Pricing: Once the value configuration is identified, the challenge lies in how to price it properly for maximum customer value without lapsing into a price centric CRM offer push efficiency model. Technological advances will enable marketers to reflect the individual buyer’s situation defined (geographic, social and temporally) value to the enterprise. With the unprecedented tactical pricing capability, some marketers will succumb to the ROI temptation by pursuing the traditional CRM offer efficiency demand push model. However in doing so, they will effectively devalue their brands unless they manage their CRM strategically. The premium will come to those who are able to develop a functioning strategic offer strategy who’s aim is not to communicate the price of the proposition as much as the value of the purchase invitation. (See The Anatomy of a Brand Purchase for a proposed integrated CRM model.)

This will come about by observing and adhering to several strategic pricing principles. The first is the brand must establish the maximum pricing/promotion parameters, its maximum depth of discount, for how many weeks and how many impressions. A simple GRP type of analysis will be invaluable as you match your discount communication message communication strategy against the activities of your key competitors.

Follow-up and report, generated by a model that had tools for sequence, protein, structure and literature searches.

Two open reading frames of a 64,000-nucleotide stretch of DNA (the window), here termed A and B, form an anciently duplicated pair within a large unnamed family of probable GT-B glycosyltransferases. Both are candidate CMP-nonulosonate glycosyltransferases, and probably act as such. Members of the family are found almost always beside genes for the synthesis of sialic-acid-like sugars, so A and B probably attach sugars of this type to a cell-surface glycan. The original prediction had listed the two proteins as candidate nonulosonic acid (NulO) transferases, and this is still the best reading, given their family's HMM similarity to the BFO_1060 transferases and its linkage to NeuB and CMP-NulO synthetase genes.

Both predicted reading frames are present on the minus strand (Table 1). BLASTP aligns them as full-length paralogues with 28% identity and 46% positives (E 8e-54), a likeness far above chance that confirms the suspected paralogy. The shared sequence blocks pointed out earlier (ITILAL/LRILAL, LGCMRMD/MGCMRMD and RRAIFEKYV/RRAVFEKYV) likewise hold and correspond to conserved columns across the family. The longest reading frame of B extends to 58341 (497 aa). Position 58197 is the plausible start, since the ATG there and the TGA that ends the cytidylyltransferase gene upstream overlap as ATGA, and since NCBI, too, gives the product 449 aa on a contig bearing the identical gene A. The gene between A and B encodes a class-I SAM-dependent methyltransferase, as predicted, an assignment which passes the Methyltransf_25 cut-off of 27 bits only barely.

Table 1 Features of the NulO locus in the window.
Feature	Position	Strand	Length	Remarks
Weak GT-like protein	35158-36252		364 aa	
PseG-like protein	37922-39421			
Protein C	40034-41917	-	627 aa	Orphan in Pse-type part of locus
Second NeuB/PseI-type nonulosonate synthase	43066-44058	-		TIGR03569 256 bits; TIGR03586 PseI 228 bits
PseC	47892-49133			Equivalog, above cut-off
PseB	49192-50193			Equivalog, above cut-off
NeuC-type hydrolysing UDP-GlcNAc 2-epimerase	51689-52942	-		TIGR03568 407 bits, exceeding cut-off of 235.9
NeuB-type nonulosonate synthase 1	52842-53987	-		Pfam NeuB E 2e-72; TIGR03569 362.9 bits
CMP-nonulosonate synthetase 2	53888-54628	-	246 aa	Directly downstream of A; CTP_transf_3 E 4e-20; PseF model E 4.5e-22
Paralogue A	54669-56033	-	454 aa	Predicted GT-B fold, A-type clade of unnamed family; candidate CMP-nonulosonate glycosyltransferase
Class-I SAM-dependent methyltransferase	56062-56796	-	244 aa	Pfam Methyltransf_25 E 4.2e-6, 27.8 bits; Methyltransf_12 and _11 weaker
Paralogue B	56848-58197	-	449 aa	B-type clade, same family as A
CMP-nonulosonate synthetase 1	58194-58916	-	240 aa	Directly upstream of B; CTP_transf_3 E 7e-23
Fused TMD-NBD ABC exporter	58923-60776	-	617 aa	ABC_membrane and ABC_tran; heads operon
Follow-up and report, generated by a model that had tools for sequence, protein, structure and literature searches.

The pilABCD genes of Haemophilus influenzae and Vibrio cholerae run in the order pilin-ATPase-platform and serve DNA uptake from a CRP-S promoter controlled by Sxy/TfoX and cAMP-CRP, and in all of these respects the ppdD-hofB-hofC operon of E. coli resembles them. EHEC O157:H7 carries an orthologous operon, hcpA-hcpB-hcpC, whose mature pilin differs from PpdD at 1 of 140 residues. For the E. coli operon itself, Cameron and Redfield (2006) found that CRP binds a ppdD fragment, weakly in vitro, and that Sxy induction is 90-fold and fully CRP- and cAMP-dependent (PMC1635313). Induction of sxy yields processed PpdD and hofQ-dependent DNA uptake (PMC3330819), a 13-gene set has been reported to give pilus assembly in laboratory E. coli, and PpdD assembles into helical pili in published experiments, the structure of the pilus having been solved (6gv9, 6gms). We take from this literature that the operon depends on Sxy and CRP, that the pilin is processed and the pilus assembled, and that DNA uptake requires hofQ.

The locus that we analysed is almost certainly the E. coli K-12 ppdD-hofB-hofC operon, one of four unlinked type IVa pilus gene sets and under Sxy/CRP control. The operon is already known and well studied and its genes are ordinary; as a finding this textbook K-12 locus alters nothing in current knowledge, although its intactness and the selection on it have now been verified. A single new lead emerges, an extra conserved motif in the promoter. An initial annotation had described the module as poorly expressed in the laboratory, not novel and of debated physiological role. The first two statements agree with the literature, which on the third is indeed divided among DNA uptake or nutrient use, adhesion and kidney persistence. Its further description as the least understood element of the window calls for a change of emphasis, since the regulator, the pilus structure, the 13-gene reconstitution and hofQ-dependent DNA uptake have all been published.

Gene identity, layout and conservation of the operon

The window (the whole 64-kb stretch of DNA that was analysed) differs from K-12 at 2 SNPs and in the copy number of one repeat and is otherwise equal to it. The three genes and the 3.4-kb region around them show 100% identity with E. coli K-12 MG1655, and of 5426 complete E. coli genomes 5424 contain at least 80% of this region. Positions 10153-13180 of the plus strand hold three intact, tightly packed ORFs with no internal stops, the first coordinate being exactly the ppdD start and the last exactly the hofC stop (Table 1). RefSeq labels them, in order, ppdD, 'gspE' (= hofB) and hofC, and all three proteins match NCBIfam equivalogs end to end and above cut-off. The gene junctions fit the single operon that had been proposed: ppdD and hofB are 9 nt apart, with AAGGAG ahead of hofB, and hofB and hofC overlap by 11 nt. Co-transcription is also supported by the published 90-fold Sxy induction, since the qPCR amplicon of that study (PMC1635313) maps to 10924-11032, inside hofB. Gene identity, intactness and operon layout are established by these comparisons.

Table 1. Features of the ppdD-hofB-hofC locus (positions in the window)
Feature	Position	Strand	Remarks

With that guidance at hand, the value communication strategy seeks to put forth relevant components of the brand’s direct and extended value benefits (see example of Dell’s evolutionary pricing de-emphasis) and its societal benefits. Only when that is identified, including the channels and frequency of communication should the brand address the final question – what is the fair pricing of that value for my brand?

Conclusion:

I started this article by postulating that a convergence in global communication is leading to a new sense of community and with it a new sense of shared responsibility. This in turn has/is/will create an opportunity for marketers to help their brands make an evolutionary transition from managing icons (inner focused, engineered, purposeful, revered) to a rallying point for an integrated, living, breathing community.

Wishful thinking?

I look forward to hearing your thoughts.

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One Comment leave one →
  1. July 20, 2007 11:04 am

    I think the concept of Share of Life is fascinating and you’ve done a great job taking a first pass at defining it.

    Whatever it may be coined as mainstream in the next little while, the rapidly growing and ever-adopting technological world will call for brands to grow and adopt just as well. If they don’t, they will without a doubt fall behind.

    Keep up the great writing –